Teaching is an endless two-way exchange between student and instructor. Ideas are exchanged, values are exchanged, world-views are exchanged.
And something else is exchanged as well - if not better - microbes.
And having caught the full brunt of the latest pestilence sweeping the Paul Smith's College campus, I stumbled to the Post Office Pharmacy, hoping Jim Bevilacqua could hook me up with an instant cure. Maybe a packet of Plains o' Giza Mummy Powder or Professor Kreuger's Miracle Serpent Head Oil Elixer. You know - the latest medical science has to offer.
I was sneezing and wheezing, gasping and rasping, and trying to hack up either a lung or a pear-size hairball, and I felt about as good as I looked. But once I got in the store I felt a whole lot better.
For one thing, I had faith in Jim's pharmacological prowess.
For another, there at the counter was my pal Rita Sageman Madden.
The girl who's got everything
I'd say Rita and I go back a long way, but in truth, we go back ALL the way, since I've known her all my life. And beyond knowing her, I've always liked her. Why? Well, I've got a bunch of reasons.
For one, Rita has always been nice to me. I never remember a time she wasn't pleasant and upbeat - even when I was in the midst of my post-adolescent Angry Young Dope phase.
For another, she's got a wealth of stories about all sorts of things, from growing up in Massachusetts, to Saranac Lake in the '50s, and everything else in between and beyond. And it's not only that she has the stories, but she can tell them well, too, with an attention to detail that's picture-perfect.
Third, like me, she's a compulsive mystery reader, so whenever I see her, I get a good recommendation or two (this time, Elizabeth George).
Fourth, Rita is razor-sharp and always has been. I won't say she never misses anything, but if she does, it's because she wants to.
Finally, she's wonderfully outspoken. She's never minced words or held back an opinion. She's one of those refreshing souls about whom there's no ambivalence and with whom you always know where you stand.
I'd like to say she has a great sense of humor, but if you can believe this, she doesn't always laugh at my jests, so the verdict's still out on that one. She is, however, a real sport and a delight to visit with.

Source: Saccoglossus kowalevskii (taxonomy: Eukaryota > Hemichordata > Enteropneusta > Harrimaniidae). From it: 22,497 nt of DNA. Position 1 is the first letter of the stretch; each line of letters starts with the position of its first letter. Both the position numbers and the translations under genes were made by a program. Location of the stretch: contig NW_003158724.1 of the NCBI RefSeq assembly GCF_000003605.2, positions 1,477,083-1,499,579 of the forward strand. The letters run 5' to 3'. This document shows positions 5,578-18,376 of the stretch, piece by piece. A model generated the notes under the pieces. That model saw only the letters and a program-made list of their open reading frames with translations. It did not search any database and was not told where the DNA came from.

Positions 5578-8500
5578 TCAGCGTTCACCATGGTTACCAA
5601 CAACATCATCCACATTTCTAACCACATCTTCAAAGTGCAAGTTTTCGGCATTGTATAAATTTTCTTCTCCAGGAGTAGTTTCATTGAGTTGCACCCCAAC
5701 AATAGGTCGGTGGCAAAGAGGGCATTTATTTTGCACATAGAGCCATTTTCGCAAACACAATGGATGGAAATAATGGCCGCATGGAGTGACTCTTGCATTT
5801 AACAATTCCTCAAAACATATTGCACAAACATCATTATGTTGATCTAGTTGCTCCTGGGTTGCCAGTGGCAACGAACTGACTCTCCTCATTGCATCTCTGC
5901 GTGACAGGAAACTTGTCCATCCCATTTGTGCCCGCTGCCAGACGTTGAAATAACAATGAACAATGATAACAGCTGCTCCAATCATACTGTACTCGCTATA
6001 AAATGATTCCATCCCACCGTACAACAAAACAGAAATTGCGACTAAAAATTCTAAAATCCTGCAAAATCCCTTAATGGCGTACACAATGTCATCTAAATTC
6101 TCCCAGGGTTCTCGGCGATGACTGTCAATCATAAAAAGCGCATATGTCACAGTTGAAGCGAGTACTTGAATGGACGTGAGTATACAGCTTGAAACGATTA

A Dope of the cloth
Anyhow, we started chatting as we usually do, about nothing in particular, when she suddenly cast an eagle-eye on my sport coat.
"Hmm," she said, "that's a nice blazer."
"Thanks," I said.
"No," she said. "I mean, it's really attractive."
"Well, it should be," I said. "I paid four bucks for it."
"You didn't," she said.
"I did," I said. "After all, it's a Harris Tweed."
"I know it's a Harris Tweed," she said, as if the only people who wouldn't know are too louche for words. "But where'd you get it for four dollars?"
"Now that you mention it," I said, trying to get her goat, "maybe I paid six bucks for it."
"Fine," she said, "But WHERE did you get it?"
"The Dorsey Street Exchange," I said, "where I do a lot of my high-end shopping."
Our conversation was put on hold as Jim handed over my meds. All the while, Rita was looking my jacket up and down. Then she spoke.
"Well, it's a fine-looking coat," she said.
And then, in a move so swift and slick it would've blown the minds of Ali Baba and his 40 thieves, she flipped open my coat front and looked inside.
"Oh, Palm Beach," she said. "That's a very good label."
"I know," I said. "I've got another Palm Beach Harris Tweed a John Weitz design."
She "Hmmmed," with what I took to be approval.
"You know," she said, "Bill has a bunch of Harris Tweeds that he hasn't worn in years. It's such a waste they're just hanging in his closet."
"Oh?" I said.
"Yes," she said. "And some time I'm going to gather them up and give them away."
"Good idea," I said.
"Too bad they're all size 50. You're a what 42?"
She was, of course, spot on.
We talked a bit more and walked out of the store together. Then, just before we split up she said, "Yes, it's too bad his coats are all 50s. It would've been a nice favor, giving them to you."
"It would," I said. "But if you want, you can always do me another favor."
"What's that?" she said.
"Just make sure the next guy you marry is a 42."